Odyssey Logs

Atlantic Odyssey 2: Finally My Darling crossing, Day 16 – 22


Rally Control update: since Finally My Darling sent this blog, they safely arrived in Martinique on 18th February. Soon after their arrival they caught up with the Atlantic Odyssey crews from Roxy, Calypso, Neptune 2, Sattwa, and Penny Lane. Col writes: “Happy hour last night was a really great time.”

Before this trip it was hard to fathom the reality of three weeks at sea on a constantly moving boat and at mercy of the weather – would I be in awe, tired, sick, irritable, scared? What did the Atlantic Ocean have in store for us on our late and delayed February passage? Weather forecasts are generally only good a few days to a week out, what the second and third week would bring was anyone’s guess.

On this third and final week of our trip, stronger trade winds have settled in and with it has brought plenty of excitement. We’d sedately motored for several days in a mid-Atlantic calm zone, now we’re in the company of a lumpy 4 – 5 metre following swell, 15 – 25 knot wind and grey squally skies. These are the conditions we’d expected, though are quietly grateful are not more severe. And, as we run uncomfortably low on diesel, they could not have arrived sooner.

We are finally taking full potential of our downwind Parasailor, creaming along for hours on end at 7 to 9 knots in 20 knots of wind. The ocean swells are growing longer and we saw a top boat speed today of 15.8 knots surfing down a wave (impressive for a 15-tonne boat)! The wind has also brought squalls. They can be seen with the eye by day and generally with radar by night. Sometimes the clouds have rain and no wind or wind and no rain, but more often both. The massive Parasailor is lightweight material so at first sign of gusts to 25 knots there is a dash on deck to snuff. Difficult when it’s full of wind, but releasing both sheets on the leeward side dumps the power and allows the sail to be snuffed into its sock. There’ve been many occasions this has happened over the last week and Mike and Doug have the art mastered. Sadly ‘big blue’ (Code 0 sail) is out of commission after it was torn a few nights ago when flogged on retrieval in a wind shift. Fortunately it should be repairable. Now we are travelling slowly at night under foresail, as it’s too risky to fly the Parasailor after dark in these conditions. On this final day the seas are the biggest we’ve seen yet. There’s so much movement as the boat surfs on the crests and wallows in the troughs; the Parasailor forgiving as it dances above the bow. Thank goodness it’s like this at the end and not at the start. I would not have been prepared.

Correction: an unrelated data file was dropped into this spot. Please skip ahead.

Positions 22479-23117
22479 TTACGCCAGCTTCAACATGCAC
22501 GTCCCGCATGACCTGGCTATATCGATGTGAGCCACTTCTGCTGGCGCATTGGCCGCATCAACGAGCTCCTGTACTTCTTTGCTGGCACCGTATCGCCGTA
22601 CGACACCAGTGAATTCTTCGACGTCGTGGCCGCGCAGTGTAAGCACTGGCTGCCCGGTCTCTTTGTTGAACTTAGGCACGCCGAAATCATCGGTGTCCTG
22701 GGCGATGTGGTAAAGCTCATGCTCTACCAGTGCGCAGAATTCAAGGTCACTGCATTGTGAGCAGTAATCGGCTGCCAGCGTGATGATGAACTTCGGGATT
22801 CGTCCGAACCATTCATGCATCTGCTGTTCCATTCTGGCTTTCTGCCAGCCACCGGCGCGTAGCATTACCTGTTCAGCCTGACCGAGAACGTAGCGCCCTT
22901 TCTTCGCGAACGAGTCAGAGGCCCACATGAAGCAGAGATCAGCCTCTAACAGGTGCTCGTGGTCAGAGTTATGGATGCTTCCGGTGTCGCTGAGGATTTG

After our dolphin encounter off the Cape Verdes, the guys manufactured an underwater dolphin CAM with GoPros on the end of extended poles. Little did they know they’d serve a greater purpose as whale CAM! On day 17 a small (about 15 foot) grey and white-finned whale was spotted from the bridge deck. The graceful creature was solo and inquisitive, circling the boat and surfing, surfacing and diving beneath the hulls. It shadowed us for several hours after that, surfacing each side of the boat and blowing air to remind us he was there. I’d said all along I wanted to see a whale and my wish was granted!

I’m proud of our provisioning efforts and can arrive knowing the crew were well fed throughout the trip, if not overfed in the snacks department. Fortunately ample storage space is available on a catamaran. To ensure we didn’t eat through key ingredients or favourite treats early on, I utilised three storage compartments under the saloon couch and three shelves in both the freezer and galley fridge into ‘week one, week two and week three’, sorting items to our three week menu. Purchasing snap fresh (unrefrigerated) green produce from a Tenerife farmers market ensured we still have fruit and vegetables in the last few days. I’ve learnt some valuable tips in selecting and storing produce to ensure length of life and plan to change our shopping habits on arriving to the Caribbean – taking greater advantage of local green markets; preferably buying more and shopping less often. Items on the Atlantic crossing menu have included lasagne, pulled pork sandwiches, chicken schnitzel, shepherd’s pie, Moroccan chicken, hamburgers, spaghetti bolognaise, veggie stir fry, fish tacos, ceviche, quiche, quesadillas, homemade pizza, bacon and eggs every Sunday, cheesecake and apple crumble to name a few. Another new favourite – thanks to our friends on Penny Lane – is five-ingredient beer bread. Who needs an expensive bread maker, obscure recipe items or lengthy kneading? Seriously you should try it!

After a 21 ½ day passage, it’s hard to believe we are less than eight hours from landfall. The celebratory Verve champagne is chilling in the fridge, Bob Marley on the surround sound and we anticipate arriving just after dark. The thought of the boat calmly moored and the first uninterrupted night sleep in three weeks is dreamy. Departing Tenerife three weeks ago, our final waypoint in Martinique was marked with a cocktail glass on the Raymarine chart plotter. It’s the carrot dangling at the end of a very long trip and by goodness we’ll be ordering a few when we arrive. Bring on the famous island rum punch!

Heartfelt thanks for following along and all your wishes for a safe journey. It’s a surreal and rewarding feeling knowing we’ve successfully sailed in excess of 2,800 nautical miles across the vast Atlantic Ocean. I’m so proud of our lady finally my darling and her hard-working autopilot – they’ve performed beautifully and tirelessly carrying us across the sea.

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